E-ink is one of the more unusual technologies to spring up in recent years. It's both more expensive and less versatile than LCD, a long-established product seen in everything from iPods to TVs. It's incredibly specific, but also incredibly good at its one job: reading text.
E-ink e-book readers like the Amazon Kindle and Barnes & Noble Nook offer, in the opinion of myself and many others, the best digital book-reading experience available. The battery life is astounding (the new Kindle gets up to a month of battery life. An entire month!), they can be used outside without glare, and they quite simply look more like printed, physical ink and paper than any other display ever created. You can lose yourself in e-ink, which is about the best compliment I can give to a digital reader.
On the other hand, LCD devices in a similar package, including tablets like Apple's iPad, offer a passable reading experience on top of a whole host of features e-ink will never, ever be able to handle. E-book readers are better for books; tablets are better for everything else. So tablets and e-book readers exist in an odd sort of stalemate right now: neither can quite replace the other.
But I do believe that LCD and other, more modern displays (including Pixel Qi, LED, AMOLED, and countless other acronymic display types) will advance to the point where they offer a reading experience at least comparable to e-ink. Some have already been made—the iPad's IPS LCD display is better than expected in outdoor use, for example—and that's the wave of the future. And at that point, e-ink will die.
E-ink will die mostly because it fundamentally can't compete with tablets. That's why announcements like today's, in which E-Ink (it's a company as well as that company's main—or only?—product) claimed it will release both a color and a touchscreen version by early 2011, is so confusing. But color and interface are hardly the only obstacles e-ink has to overcome to compete with tablets: Its refresh rates make video largely impossible, it can't cram in enough pixels to make still photos look any more crisp than a day-old McDonald's french fry, and, most damnably, it's still extremely expensive.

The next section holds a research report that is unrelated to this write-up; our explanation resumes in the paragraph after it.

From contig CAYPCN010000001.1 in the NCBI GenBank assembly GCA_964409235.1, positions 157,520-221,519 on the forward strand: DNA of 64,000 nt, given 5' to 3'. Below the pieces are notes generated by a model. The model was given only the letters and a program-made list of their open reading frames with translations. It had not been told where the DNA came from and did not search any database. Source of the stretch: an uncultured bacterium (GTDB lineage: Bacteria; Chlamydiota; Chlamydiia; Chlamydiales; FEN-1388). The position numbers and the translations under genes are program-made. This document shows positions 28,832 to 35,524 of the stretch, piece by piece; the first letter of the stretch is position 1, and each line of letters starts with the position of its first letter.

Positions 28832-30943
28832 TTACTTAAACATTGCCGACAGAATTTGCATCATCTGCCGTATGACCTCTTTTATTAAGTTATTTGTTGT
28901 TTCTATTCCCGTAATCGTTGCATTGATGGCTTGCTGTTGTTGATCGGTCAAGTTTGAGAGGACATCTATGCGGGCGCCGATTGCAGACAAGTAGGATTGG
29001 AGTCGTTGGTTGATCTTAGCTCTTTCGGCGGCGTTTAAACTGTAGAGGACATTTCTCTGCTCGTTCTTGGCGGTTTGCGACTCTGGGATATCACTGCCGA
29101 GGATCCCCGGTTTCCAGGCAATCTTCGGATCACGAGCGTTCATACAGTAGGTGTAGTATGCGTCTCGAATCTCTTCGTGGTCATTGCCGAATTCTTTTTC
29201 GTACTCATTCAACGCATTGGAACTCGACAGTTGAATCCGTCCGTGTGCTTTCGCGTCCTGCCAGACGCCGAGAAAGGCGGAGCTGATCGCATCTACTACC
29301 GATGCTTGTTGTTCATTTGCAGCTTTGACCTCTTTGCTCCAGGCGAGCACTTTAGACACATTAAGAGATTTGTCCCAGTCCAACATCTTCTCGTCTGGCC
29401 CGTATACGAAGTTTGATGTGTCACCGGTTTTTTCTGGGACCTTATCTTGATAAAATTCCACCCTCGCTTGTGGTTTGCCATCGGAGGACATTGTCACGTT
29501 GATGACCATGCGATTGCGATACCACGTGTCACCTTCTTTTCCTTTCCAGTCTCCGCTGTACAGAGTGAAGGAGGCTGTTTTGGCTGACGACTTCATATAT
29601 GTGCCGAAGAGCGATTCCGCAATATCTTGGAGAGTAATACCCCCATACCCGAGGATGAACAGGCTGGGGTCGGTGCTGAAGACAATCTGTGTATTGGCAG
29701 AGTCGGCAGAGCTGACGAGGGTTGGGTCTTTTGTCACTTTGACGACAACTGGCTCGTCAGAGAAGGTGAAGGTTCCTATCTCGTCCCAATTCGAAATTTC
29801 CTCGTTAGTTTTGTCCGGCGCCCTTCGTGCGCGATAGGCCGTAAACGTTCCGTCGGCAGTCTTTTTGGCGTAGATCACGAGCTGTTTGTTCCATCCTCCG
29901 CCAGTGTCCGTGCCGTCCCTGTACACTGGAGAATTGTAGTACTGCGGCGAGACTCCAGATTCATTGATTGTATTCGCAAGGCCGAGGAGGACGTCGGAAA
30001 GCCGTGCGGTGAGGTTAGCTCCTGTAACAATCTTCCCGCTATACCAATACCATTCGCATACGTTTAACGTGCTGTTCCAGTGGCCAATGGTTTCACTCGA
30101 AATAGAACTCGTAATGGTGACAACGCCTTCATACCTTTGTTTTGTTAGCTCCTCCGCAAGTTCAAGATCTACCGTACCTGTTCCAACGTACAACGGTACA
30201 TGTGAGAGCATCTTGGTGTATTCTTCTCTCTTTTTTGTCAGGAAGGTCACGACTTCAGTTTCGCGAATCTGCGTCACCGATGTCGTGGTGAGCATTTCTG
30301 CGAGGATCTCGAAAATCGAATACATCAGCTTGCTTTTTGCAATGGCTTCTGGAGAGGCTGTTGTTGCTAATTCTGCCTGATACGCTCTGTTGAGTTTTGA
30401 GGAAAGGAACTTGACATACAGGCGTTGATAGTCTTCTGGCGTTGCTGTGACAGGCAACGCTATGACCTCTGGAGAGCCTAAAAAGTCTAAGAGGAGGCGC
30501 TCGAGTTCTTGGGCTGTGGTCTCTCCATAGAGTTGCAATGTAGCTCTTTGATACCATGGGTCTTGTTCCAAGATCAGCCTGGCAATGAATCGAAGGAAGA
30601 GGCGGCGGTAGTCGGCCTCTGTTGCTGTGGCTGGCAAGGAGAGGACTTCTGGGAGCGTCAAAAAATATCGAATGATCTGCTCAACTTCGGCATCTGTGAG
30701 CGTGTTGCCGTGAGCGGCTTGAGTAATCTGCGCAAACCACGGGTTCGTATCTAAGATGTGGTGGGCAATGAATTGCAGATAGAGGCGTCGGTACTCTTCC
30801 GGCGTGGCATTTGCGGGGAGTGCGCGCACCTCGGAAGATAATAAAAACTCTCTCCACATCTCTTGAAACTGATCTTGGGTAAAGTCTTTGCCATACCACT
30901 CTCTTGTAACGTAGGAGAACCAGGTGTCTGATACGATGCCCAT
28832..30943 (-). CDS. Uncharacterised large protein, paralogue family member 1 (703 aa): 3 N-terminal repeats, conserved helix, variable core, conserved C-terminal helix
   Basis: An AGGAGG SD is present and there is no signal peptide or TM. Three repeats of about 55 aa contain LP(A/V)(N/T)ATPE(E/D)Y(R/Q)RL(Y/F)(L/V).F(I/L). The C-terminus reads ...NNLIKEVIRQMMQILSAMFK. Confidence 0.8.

I've used both color and touchscreen e-ink displays before. Before its untimely demise, I saw a prototype version of the Skiff newspaper reader with color, and I've used Sony's Reader Touch Edition as well. The Skiff's color was faded, like a photocopy of a photocopy, an extremely unimpressive display closer to old four-color comics than crisp digital imagery. Sony's Touch Edition suffers from enjoyment-killing glare and a slow response rate. While I'm sure the technology for both color and touch can be advanced, I'm not the least bit convinced that it'll ever get to the point where those features are competitive. By the time e-ink catches up to modern-day LCD (and that's assuming it ever does, which is a hefty assumption), LCD will have advanced as well.
Amazon showed that the way to make e-book readers sell like blazes is to lower the price to near-impulse-item territory. Its new $140 Kindle sold out of pre-orders almost immediately, and there's been more buzz around the next version than can be explained through hardware upgrades alone. It's a great reader, don't get me wrong, but its incredible sales numbers are due in large part to the price cut.
Color and touchscreen e-book readers would require a substantial increase in price, to accommodate the new technology. But that's exactly the wrong way to advance e-ink—the price needs to remain as low as possible.
Why is E-Ink pretending that features like color and touch interfaces are important, necessary, or even desirable for its product? E-ink readers like the Kindle offer the best digital reading experience on the market—why muck it up with expensive and useless features?
E-ink may not have a long future, but until LCD can learn some very difficult new tricks, it'll survive. Diluting that purpose for half-baked progress to compete with tablets is the wrong direction for e-ink.